The consumer confidence in the United States tumbled beyond expectations in the month of February as the initial elation over a decline in the prices of fuel faded and the Americans became less positive about the prospects for income and jobs.
According to the Conference Board report, its sentiment index dropped to 96.4 from a revised reading of 103.8 in January, the highest level since August 2007.
The median forecast of 80 economists in news agency survey called for a drop in consumer confidence to 99.5.
A latest price rise in gasoline from a six-year low is likely checking the enthusiasm of several households after a fall in prices in 2014 and a pickup in job hiring also contributed in building the consumer confidence.
The consumer expectations index for the coming six months dropped to 87.2 from January’s 97 reading. The 9.8-point decline was the biggest since the US government shutdown in October 2013.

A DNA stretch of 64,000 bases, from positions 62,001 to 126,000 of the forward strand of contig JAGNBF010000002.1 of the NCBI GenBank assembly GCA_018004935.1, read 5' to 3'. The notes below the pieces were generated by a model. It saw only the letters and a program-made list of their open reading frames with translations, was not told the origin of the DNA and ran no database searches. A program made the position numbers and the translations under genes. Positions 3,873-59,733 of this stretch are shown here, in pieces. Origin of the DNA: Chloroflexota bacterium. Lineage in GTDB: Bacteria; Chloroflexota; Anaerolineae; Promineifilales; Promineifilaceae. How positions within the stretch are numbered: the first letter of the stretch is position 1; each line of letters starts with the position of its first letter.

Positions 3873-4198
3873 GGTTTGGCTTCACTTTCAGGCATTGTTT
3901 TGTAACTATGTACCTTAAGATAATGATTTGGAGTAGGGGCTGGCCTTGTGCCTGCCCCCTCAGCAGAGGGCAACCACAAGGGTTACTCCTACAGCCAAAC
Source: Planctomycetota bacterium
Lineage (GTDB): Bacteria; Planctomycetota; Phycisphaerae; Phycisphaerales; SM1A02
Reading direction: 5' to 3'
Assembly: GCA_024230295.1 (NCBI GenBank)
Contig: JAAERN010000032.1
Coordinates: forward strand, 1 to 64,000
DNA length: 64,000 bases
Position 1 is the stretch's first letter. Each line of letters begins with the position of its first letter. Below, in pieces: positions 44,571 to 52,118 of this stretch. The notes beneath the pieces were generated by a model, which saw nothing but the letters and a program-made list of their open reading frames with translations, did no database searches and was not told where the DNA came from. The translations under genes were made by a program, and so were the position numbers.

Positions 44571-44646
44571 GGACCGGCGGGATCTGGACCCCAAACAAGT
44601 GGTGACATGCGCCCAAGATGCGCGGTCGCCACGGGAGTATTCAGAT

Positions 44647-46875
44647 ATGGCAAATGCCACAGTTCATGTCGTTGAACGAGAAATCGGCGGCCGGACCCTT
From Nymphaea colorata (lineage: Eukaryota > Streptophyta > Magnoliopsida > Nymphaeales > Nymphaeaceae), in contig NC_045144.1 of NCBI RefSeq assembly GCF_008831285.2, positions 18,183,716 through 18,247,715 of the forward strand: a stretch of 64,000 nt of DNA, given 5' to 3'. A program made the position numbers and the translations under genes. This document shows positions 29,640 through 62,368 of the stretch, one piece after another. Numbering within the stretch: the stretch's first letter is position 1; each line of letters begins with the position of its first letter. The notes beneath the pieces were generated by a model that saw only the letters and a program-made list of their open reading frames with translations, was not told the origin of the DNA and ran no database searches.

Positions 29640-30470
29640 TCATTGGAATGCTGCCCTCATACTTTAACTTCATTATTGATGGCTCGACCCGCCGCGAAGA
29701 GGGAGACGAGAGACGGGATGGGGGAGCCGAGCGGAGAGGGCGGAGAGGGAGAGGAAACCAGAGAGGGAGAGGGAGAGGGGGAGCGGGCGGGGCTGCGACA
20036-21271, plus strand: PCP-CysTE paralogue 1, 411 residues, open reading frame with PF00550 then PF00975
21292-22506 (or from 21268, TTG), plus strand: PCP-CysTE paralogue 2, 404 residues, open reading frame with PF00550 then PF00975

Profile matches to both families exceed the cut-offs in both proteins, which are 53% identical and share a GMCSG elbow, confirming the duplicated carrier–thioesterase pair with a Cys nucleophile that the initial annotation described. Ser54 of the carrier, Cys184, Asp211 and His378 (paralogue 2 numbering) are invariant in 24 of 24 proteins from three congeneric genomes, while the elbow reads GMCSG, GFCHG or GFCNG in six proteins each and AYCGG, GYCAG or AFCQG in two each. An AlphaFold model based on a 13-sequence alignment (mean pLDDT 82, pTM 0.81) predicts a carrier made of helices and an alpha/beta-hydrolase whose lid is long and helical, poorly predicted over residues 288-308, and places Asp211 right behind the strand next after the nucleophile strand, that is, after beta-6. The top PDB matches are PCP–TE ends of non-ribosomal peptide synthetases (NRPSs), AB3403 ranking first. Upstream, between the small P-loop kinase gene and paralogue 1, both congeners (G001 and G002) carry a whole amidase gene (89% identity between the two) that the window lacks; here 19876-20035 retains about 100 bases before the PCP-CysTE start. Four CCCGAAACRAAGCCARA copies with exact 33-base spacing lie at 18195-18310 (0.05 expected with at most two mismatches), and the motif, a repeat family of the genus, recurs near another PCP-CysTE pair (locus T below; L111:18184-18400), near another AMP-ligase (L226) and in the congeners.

Lynn Franco, Conference Board director of economic indicators, in a statement said, “Despite this month’s decrease, consumers remain confident that the economy will continue to expand at the current pace in the months ahead.”
The economists and the Federal Reserve Bank have noted that the faster growth in wage has remained a missing piece of the current expansion program. According to the board, the income expectations dropped back in the month of February after increasing in January.
The survey showed 15.1 percent of households in February expected the surge in their incomes in the coming six months, against 19.5 percent saying that last month. Another 12.0 percent of the participating households believe their incomes will decrease in the next six months as compared to January’s response rate of 10.8 percent.